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Yes, even with all the cornucopia of Jerusalem sounds, I cannot escape the sadness that I feel; the mental sounds and images of Jerusalem 1968 (my first trip to Jerusalem’s Old City) , and Jerusalem 1980’s (Teddy’s City) brilliantly rise up in my memory; in those years there was a real joie de vivre emerging from all the city’s pores.  I was truly privileged to start my life in Israel during that period, and to personally know the late Mayor Teddy Kollek.

From l. to r: Mrs. Thomas J. Pickering, Mayor Teddy Kollek, US Ambassador Thomas J. Pickering, Stephen Horenstein (Author, Composer), Leah Stein, Choir Director; 10th anniversary of Liberty Bell Garden, Jerusalem. 5.7.88; Premiere, “Magic Garden,” 75 singers and performers. (Courtesy of The Jerusalem Institute of Contemporary Music)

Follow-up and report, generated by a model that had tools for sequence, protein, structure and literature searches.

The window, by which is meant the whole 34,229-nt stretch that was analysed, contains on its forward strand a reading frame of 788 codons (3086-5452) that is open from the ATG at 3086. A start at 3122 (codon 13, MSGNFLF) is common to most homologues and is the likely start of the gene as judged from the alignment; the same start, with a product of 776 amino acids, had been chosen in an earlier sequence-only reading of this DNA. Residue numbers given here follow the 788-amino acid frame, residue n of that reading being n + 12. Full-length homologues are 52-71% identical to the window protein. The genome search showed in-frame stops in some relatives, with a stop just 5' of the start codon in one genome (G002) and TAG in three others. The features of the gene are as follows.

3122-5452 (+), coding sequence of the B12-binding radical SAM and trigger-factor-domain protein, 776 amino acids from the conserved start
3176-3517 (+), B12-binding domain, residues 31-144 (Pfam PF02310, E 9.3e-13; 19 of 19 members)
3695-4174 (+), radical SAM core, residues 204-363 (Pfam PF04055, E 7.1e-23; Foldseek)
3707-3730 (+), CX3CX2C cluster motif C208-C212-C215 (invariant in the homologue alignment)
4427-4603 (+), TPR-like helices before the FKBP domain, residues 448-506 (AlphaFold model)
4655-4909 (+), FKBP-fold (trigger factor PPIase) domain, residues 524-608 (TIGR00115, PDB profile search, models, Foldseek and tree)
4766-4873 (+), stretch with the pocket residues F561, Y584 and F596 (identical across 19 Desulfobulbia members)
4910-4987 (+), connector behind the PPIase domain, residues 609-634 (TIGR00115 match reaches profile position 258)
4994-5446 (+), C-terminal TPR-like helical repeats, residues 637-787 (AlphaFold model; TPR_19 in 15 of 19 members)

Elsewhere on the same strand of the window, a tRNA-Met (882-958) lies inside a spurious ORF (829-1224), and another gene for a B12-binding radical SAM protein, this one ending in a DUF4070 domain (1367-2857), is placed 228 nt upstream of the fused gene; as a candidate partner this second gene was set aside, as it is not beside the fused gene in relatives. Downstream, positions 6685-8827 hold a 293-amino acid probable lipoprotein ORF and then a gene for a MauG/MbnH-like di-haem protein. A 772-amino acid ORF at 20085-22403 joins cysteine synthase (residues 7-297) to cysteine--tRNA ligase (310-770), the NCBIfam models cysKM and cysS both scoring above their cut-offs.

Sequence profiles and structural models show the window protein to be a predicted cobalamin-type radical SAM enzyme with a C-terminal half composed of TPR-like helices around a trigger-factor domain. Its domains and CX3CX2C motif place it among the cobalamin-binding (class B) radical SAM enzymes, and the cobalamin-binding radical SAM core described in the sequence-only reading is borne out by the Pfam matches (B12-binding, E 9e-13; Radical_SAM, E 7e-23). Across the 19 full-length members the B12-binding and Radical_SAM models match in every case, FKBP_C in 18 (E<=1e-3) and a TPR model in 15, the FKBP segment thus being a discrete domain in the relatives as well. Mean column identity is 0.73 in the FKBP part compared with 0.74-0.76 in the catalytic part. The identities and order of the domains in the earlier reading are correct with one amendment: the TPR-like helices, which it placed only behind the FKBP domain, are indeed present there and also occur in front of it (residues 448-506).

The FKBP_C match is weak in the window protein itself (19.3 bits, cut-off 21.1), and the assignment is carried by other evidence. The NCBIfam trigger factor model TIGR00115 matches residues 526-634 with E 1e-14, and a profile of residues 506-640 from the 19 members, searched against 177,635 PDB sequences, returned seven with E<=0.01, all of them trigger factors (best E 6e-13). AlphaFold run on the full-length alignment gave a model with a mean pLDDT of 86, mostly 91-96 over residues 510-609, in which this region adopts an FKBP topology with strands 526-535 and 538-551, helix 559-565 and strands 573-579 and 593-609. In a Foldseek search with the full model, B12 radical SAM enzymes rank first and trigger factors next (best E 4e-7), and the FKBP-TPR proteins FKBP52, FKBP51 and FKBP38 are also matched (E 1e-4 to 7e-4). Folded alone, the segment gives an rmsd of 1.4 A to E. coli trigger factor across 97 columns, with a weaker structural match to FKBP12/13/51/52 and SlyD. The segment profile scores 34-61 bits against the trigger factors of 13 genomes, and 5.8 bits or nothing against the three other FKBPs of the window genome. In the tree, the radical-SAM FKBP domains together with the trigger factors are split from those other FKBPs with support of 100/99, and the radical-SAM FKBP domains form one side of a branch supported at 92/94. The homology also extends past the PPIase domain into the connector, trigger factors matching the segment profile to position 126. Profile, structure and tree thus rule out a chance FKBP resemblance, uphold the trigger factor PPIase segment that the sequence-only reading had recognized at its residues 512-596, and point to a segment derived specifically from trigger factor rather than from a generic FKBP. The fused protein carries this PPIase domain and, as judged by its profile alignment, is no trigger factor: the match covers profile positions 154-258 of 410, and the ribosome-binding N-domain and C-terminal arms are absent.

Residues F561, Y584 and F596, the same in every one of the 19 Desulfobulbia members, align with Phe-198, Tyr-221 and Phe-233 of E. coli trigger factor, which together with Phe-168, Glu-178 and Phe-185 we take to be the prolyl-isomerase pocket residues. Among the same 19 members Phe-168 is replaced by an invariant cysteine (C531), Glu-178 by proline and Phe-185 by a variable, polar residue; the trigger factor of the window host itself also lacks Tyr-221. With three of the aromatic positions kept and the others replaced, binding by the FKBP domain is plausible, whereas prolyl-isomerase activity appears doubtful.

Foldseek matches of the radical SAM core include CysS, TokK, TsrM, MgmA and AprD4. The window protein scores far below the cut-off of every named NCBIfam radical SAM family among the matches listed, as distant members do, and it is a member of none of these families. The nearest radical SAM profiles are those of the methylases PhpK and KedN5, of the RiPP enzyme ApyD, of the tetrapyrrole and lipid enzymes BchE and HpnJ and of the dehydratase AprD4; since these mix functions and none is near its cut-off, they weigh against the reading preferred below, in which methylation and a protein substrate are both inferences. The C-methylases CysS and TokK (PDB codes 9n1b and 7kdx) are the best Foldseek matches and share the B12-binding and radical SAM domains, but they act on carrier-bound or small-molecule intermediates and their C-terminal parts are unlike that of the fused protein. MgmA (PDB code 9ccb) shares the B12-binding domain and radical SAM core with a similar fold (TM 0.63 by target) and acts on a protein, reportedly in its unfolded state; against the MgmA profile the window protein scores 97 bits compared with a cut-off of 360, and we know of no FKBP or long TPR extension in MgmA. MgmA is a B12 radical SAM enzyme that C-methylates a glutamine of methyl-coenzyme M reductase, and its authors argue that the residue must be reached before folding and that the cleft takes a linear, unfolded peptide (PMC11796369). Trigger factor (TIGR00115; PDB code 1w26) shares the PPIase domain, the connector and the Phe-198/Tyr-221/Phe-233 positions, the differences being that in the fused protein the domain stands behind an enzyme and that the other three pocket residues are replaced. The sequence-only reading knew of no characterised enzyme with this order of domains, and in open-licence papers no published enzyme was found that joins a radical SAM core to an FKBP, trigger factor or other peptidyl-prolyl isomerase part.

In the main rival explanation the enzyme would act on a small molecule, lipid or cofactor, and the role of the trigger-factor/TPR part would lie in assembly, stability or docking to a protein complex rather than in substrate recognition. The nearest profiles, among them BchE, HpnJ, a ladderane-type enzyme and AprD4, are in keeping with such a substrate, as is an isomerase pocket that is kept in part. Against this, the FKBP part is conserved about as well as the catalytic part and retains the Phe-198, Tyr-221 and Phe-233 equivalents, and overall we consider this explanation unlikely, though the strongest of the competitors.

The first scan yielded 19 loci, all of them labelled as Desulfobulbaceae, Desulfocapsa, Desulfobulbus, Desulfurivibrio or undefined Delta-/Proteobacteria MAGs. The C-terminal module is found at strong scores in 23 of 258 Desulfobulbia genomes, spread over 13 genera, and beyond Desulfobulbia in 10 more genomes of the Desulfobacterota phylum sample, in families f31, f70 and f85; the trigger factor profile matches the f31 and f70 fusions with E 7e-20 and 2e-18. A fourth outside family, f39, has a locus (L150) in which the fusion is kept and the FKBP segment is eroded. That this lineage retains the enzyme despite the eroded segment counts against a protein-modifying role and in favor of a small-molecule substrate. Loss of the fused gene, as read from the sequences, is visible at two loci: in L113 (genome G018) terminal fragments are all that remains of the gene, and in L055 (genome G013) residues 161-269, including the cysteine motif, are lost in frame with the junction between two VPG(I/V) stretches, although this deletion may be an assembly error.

I emerge from the Jaffa Gate area and enter the Mamilla Mall. What could I possibly HEAR here?  As if on automatic pilot, I dial up my imagination, hearing sounds of the Second Temple period: ten choirs, bells, cymbals, deep plucked strings–our own “holy sound palette”!  Suddenly “for real” a moazin’s cry pierces the air–as if from out of no where–so past is fused with present.

I walk through the old Arab cemetery, emanating a strange, even apocalyptic quiet, and eventually I look up through the steel and glass of the humongous Museum of Tolerance.  I find this all too ironic and strange.  However,  the “silence” is not “pregnant” with deep meaning, but rather like hundreds of small fishing weights swinging too and fro against the thick air.